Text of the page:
Paul Waldman

Paul Waldman is a weekly columnist and senior writer for The American Prospect. He also writes for the Plum Line blog at The Washington Post and The Week and is the author of Being Right is Not Enough: What Progressives Must Learn From Conservative Success.

Recent Articles

The Impossibility of Having an Intelligent Conversation About Government, Part 4,592

We're spending a lot of time these days talking about the proper size of government, an eternal debate in American politics. You've probably gotten frustrated recently when you see Tea Partiers talking about how they feel terribly oppressed by the tyranny of things like the stimulus bill. "What the hell are they talking about?" you ask yourself. The idea that the federal government funding things like highway projects is pretty much the same thing as the Stasi bugging your house and carting your uncle off to jail for making a joke about a local apparatchik seems like something no sane person could believe. So where do they get these ideas? Well, one place they get them is from our nation's lawmakers. Think Progress gives us this rather amazing video , featuring Rep. Paul Broun of Georgia: BROUN: I tell ya, we’ve got some new problems in Washington. Big problems. Just today, Centers for Disease Control in Atlanta said people in America are not eating enough fruits and vegetables. They...

Zoom Zoom.

(Flickr/ Ivan Walsh ) Amtrak recently released a plan to create a "Next-Gen" high speed rail line on the eastern seaboard. For $117 billion and 25 years of construction (new tracks and tunnels, among other things, would be needed), we could get trains moving 220 miles per hour. And we should -- it would create more economic benefits than the cost, for starters. But just as a reminder of how absurdly behind the United States is in this area, China just tested their newest high-speed train, which goes 258 miles per hour. Not 25 years from now, but now. -- Paul Waldman

Kittens Resting Easy Tonight.

This bundle of cuteness has just been saved by the U.S. Senate. (Flickr/ Stijn Vogels ) Back in April, the Supreme Court struck down a law banning depictions of animal cruelty on the grounds that the statute was overbroad (I wrote a column about it) . The law was meant to crack down on "crush videos" - in which women in high heels are seen stepping on small animals, like our friend pictured above - but the Court worried that the law could be used against things like hunting videos (and the case in question actually involved videos of dogfights). If you thought your representatives in Washington would take that kind of thing lying down, you couldn't be more wrong. Following on a House action from July, the Senate just passed a measure making it illegal to make or distribute crush videos - with appropriate exemptions for videos portraying hunting, fishing, trapping, and other wholesome activities. Not only that, they did it unanimously. Maybe Barack Obama has changed the partisan...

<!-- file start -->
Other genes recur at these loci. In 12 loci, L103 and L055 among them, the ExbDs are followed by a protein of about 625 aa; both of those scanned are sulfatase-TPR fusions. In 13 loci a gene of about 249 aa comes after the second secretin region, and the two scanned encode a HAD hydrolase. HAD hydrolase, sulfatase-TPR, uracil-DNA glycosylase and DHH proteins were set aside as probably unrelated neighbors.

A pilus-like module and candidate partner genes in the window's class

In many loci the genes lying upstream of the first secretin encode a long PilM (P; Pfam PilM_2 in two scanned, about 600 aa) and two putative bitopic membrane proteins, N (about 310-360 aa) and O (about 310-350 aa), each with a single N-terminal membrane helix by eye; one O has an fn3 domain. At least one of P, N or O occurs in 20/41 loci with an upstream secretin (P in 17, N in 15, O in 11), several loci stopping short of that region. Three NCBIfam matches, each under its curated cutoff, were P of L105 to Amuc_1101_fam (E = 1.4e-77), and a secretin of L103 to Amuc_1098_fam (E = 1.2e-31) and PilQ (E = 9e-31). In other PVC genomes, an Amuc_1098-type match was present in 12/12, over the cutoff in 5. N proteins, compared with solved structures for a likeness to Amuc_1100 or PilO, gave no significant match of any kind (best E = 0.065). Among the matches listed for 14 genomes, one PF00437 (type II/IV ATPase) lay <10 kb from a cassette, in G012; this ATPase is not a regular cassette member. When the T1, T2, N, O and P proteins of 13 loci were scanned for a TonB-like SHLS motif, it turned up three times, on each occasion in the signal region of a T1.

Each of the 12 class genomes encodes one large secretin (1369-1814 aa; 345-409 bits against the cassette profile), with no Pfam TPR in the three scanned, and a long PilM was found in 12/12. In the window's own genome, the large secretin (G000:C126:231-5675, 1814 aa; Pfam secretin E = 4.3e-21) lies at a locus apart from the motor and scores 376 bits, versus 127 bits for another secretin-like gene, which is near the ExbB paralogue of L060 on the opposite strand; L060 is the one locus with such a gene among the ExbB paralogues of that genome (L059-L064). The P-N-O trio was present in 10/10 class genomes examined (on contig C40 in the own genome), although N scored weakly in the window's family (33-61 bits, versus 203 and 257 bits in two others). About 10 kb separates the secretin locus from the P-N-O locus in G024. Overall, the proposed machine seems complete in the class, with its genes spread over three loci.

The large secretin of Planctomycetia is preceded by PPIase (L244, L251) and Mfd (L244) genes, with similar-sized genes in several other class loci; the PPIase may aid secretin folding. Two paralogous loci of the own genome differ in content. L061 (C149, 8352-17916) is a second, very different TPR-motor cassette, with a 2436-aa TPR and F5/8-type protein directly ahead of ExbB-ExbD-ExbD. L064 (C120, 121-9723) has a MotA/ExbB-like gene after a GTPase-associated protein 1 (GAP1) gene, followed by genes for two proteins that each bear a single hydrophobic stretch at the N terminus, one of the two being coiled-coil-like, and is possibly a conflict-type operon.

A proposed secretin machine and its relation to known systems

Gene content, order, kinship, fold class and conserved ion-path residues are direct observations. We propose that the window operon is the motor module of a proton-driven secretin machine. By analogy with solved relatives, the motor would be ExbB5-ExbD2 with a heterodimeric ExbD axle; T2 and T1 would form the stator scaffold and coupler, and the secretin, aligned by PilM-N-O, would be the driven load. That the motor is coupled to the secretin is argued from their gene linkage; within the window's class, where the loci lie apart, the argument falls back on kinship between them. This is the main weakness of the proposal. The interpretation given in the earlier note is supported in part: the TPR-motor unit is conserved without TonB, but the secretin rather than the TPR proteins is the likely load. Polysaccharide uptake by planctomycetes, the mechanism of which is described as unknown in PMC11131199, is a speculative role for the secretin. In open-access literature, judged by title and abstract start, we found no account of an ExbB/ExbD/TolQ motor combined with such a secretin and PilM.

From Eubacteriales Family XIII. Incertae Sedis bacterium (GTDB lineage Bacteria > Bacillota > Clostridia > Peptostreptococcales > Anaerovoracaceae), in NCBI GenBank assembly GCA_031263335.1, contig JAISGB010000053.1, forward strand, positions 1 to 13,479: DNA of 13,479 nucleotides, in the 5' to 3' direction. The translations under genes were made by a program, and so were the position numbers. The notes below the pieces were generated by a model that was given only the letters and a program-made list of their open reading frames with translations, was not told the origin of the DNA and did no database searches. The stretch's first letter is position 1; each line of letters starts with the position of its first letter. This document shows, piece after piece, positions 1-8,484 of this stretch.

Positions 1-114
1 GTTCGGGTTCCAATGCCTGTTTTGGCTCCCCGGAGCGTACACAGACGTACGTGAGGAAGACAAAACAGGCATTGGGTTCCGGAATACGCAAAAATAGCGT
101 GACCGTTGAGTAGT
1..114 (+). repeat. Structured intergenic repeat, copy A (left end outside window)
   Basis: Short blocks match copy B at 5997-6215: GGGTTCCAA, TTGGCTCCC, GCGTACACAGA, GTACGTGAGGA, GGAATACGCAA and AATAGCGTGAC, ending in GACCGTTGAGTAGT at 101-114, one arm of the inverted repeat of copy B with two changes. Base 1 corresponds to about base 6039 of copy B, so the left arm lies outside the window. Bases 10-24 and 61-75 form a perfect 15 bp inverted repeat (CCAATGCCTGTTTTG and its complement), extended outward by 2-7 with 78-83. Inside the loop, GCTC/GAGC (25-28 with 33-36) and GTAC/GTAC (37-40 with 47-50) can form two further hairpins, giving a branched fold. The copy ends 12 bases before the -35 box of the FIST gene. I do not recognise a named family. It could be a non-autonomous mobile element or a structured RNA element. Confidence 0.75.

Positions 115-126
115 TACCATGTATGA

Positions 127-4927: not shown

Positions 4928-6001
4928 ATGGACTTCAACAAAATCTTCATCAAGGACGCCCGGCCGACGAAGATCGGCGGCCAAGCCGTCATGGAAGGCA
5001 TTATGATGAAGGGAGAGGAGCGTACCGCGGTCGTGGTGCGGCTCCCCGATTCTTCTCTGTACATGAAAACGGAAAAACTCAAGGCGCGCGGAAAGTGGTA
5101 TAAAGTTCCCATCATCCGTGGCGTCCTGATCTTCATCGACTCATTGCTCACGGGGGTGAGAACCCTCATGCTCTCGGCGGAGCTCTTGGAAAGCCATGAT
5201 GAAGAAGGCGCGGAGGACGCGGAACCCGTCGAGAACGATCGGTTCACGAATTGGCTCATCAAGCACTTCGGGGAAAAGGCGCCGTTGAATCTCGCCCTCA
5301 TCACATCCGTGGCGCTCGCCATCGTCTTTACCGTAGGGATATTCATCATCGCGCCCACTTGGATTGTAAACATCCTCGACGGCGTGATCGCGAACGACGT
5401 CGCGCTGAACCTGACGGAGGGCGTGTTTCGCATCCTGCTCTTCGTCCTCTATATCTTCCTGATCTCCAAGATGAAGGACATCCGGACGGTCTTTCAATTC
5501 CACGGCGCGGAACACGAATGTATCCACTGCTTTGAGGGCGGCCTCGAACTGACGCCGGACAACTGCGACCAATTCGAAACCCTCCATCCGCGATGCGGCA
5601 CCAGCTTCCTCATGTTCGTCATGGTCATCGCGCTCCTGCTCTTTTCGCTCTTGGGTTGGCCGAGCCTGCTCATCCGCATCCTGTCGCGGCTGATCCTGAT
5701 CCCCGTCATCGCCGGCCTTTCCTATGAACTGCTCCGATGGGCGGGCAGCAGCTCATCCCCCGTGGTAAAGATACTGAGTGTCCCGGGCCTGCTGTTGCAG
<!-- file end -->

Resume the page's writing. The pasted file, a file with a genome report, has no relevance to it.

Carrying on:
People Like Me, Or Not.

We can all shake our heads and laugh at the likes of Sharron Angle , crusader against big government, who just happens to get her health insurance, and her husband's pension, through the government (he was a government employee). Is it hypocritical? Sure. But there's something a little more subtle going on. Take a look at this interesting conversation Rolling Stone 's Matt Taibbi had with some participants at a Tea Party rally: "I'm anti-spending and anti-government," crows David, as scooter-bound Janice looks on. "The welfare state is out of control." "OK," I say. "And what do you do for a living?" "Me?" he says proudly. "Oh, I'm a property appraiser. Have been my whole life." I frown. "Are either of you on Medicare?" Silence: Then Janice, a nice enough woman, it seems, slowly raises her hand, offering a faint smile, as if to say, You got me! "Let me get this straight," I say to David. "You've been picking up a check from the government for decades, as a tax assessor , and your wife...

The Latest Victimization Whine.

During the 1990s, when we spent a lot of time debating campaign finance reform, conservatives argued that restrictions on how much someone could give to a candidate or spend on an election were a violation of free speech. The answer to the problem, they often said, was disclosure. Let a corporation spend as much as it wants on campaigns, as long as we know who's spending what; that will take care of the "appearance of corruption" problem. This argument was unpersuasive then, but even so, now that the Roberts Court has unleashed corporate money with the Citizens United decision, they've changed their tune. Now they're fervently opposed to disclosure of campaign spending. Why? Their rationale now is that we must maintain anonymity to protect against liberal bullies, whether activists or the government. Apparently, they're afraid that patriotic American "persons" like, say, oil and tobacco companies, might find themselves not only the victims of boycotts and nasty e-mails, but they might...